On the other side of the Mississippi River is Wisconsin.

Shortly after crossing over to the Wisconsin side of the river, we stopped at Lock and Dam No. 5. We parked and walked down to water's edge and watched as a boat went through the locks on the far side.



Heading north on Route 35, our next stop was at Lock and Dam No. 4 in the tiny town of Alma. This time the locks were on our side of the river. It would have been fun to see a barge go through the locks, but who knows how long we would have been waiting. There was an elevated walkway above the railroad tracks to get to the locks and reviews I read said it was quite a rush to be standing on the open grate walkway when a train passed by underneath!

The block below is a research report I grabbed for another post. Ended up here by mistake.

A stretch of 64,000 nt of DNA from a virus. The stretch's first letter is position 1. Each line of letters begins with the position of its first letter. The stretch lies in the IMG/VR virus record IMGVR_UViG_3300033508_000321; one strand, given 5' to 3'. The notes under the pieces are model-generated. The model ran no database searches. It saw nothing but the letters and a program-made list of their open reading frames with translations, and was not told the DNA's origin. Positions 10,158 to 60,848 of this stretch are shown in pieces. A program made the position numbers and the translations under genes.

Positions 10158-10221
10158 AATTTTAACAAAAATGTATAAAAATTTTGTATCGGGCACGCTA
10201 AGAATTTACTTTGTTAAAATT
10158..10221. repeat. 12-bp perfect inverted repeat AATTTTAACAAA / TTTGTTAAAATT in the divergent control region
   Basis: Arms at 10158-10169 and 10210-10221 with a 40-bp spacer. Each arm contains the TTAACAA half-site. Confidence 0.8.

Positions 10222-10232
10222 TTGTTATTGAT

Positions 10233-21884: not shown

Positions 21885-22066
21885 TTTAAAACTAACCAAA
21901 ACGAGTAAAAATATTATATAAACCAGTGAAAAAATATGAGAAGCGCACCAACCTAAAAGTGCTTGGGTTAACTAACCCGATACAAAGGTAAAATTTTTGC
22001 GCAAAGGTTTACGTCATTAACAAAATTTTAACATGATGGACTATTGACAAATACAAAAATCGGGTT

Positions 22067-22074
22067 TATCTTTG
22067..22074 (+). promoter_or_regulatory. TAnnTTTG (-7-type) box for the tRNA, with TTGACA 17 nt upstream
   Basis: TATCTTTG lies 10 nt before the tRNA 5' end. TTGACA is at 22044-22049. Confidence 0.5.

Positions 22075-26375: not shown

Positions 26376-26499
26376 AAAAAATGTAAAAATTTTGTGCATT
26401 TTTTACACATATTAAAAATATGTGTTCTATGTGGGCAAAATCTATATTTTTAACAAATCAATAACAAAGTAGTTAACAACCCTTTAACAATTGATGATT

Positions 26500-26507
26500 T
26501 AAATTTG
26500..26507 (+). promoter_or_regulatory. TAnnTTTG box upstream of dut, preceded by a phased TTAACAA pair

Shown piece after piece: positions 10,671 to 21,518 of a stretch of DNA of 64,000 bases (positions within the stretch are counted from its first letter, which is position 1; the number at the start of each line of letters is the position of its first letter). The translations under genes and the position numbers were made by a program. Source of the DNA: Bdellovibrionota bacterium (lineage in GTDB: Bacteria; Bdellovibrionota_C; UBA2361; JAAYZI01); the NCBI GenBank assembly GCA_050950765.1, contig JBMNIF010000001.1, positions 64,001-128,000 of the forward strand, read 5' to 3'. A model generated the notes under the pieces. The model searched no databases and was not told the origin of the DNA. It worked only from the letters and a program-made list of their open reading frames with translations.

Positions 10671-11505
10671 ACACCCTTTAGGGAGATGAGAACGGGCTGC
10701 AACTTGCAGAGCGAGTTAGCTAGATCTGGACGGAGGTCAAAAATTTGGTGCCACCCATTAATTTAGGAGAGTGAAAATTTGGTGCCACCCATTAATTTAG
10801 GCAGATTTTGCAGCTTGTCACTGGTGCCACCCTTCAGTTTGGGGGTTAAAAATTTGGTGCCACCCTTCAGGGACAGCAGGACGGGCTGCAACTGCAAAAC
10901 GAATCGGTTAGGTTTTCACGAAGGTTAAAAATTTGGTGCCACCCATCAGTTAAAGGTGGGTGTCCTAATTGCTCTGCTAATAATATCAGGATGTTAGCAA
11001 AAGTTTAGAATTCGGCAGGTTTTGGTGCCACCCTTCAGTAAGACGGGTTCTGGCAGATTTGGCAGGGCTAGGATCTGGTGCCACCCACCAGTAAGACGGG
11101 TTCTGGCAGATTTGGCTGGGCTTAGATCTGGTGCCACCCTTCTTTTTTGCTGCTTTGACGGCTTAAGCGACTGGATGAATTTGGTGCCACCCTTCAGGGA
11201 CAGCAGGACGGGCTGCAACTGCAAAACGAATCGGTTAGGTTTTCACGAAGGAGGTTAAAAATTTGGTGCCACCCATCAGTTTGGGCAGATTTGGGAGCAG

Just a smaller version of the Panama Canal!

Walkway above the railroad tracks.

Every town needs a claim to fame!

It was a little out of our way, but we drove north 7 miles past the town of Pepin to reach the Little House Wayside. The wayside is on the plot of land where Laura Ingalls Wilder was born in 1867. The site contains a replica of the cabin that Laura described in the book "Little House in the Big Woods."


The room on the right was the pantry and the bedroom on the left
was where all five members of the family slept. 


Photo on display inside the cabin.

The area was a dense forest when Wilder was born, but now is surrounded by farmland. Bob wandered in to the corn field which looked a bit like a scene from "Field of Dreams!"

Is this heaven? No, its Wisconsin.
Backtracking through Pepin, we crossed over the Mississippi to Wabasha on the Minnesota side. The town is remembered for being the setting of the Grumpy Old Men movies, but we were here for another reason. I was keeping a close watch on the time, but decided we should first grab a quick bite to eat at a nearby Subway.